Nebraska Consortium on Global Islamic Studies
Currently, the following faculty members from UNK, UNL, and UNO participate in the consortium.
Michelle Black, University of Nebraska at Omaha
Michelle Black is an Assistant Professor in the Department of Political Science for the University of Nebraska Omaha, the Director of Workforce Development and Education and an Executive Team member and Lead Researcher for the National Counterterrorism Innovation, Technology and Education (NCITE) which is a Department of Homeland Security Center of Excellence, a Research Fellow for the National Strategic Research Institute (NSRI) at the University of Nebraska, and Editor for the Space and Defense Journal. In addition to her academic career, Dr. Black has over seventeen years of professional experience with the Department of Defense. Prior to joining UNO, Dr. Black was a government civilian for the Department of Defense from 2009-2016. She specialized in Deterrence Analysis and Adversary Decision-making for United States Strategic Command (USSTRATCOM) Plans and Policy Directorate at Offutt Air Force Base. During her time at USSTRATCOM, she provided analysis and recommendations to senior leaders on decision-making strategy, deterring state and non-state actors, and Middle East regional expertise. Dr. Black earned her Ph.D. in Political Science (Middle East and Security Studies concentrations) from the University of Nebraska at Lincoln in 2016. She also earned an M.S. in Negotiation and Dispute Resolution from Creighton University (2009), a Graduate Certificate in Intelligence Studies from Mercyhurst College (2007), an M.S. in International Relations from Troy University (2005), and B.A. in Cultural Anthropology from the University of Iowa (2001).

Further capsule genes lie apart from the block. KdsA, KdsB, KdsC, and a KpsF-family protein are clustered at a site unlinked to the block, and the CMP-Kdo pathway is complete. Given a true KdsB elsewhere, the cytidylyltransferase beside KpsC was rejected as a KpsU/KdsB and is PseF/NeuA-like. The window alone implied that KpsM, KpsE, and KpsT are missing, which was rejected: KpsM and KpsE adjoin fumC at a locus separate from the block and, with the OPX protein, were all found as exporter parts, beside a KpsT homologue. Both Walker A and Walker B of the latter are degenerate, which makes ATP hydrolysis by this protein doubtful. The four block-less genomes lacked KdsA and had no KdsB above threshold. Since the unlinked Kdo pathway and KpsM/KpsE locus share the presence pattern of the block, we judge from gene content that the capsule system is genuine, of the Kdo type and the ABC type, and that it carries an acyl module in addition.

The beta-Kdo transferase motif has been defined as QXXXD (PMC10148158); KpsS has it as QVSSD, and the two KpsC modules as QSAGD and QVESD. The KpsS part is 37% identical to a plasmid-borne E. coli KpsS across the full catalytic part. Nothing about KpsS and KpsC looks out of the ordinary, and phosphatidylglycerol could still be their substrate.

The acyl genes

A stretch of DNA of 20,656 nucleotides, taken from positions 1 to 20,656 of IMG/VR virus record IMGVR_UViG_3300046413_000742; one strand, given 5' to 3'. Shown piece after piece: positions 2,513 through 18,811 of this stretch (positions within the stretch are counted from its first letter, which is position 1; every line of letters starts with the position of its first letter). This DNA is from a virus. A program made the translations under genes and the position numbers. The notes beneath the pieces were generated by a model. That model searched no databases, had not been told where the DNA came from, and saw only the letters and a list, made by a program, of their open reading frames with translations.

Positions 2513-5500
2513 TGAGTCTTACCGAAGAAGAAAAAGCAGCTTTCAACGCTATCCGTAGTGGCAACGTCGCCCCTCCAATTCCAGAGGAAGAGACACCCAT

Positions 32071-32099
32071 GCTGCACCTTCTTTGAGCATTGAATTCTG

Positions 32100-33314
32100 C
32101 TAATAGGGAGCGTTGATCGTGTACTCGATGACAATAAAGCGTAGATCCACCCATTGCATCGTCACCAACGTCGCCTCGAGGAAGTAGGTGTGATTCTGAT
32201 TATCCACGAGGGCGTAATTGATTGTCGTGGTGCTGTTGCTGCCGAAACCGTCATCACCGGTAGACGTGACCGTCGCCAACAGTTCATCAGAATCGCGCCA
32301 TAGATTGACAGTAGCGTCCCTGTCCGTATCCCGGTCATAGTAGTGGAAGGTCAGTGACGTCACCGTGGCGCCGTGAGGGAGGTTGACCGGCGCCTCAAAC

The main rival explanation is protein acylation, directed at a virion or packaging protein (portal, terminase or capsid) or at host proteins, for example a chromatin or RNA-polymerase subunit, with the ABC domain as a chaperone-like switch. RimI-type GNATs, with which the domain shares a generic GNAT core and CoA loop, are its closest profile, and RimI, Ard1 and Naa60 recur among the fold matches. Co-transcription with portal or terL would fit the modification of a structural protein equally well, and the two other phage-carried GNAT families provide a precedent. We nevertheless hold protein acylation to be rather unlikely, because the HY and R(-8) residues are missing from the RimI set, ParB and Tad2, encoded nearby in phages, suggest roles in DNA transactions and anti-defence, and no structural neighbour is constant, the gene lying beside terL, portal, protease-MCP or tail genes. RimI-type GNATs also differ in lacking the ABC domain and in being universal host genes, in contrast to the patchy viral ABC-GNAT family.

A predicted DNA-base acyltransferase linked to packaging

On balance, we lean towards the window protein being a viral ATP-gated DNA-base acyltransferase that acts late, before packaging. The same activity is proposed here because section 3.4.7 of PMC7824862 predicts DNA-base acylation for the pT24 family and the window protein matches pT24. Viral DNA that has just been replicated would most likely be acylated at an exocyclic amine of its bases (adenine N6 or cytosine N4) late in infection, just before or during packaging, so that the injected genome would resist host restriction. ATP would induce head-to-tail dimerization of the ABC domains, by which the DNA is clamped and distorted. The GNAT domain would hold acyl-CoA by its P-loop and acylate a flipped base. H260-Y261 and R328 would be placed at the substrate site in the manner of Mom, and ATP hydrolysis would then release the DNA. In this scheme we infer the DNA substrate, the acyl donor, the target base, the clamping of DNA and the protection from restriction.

James Clark, University of Nebraska at Omaha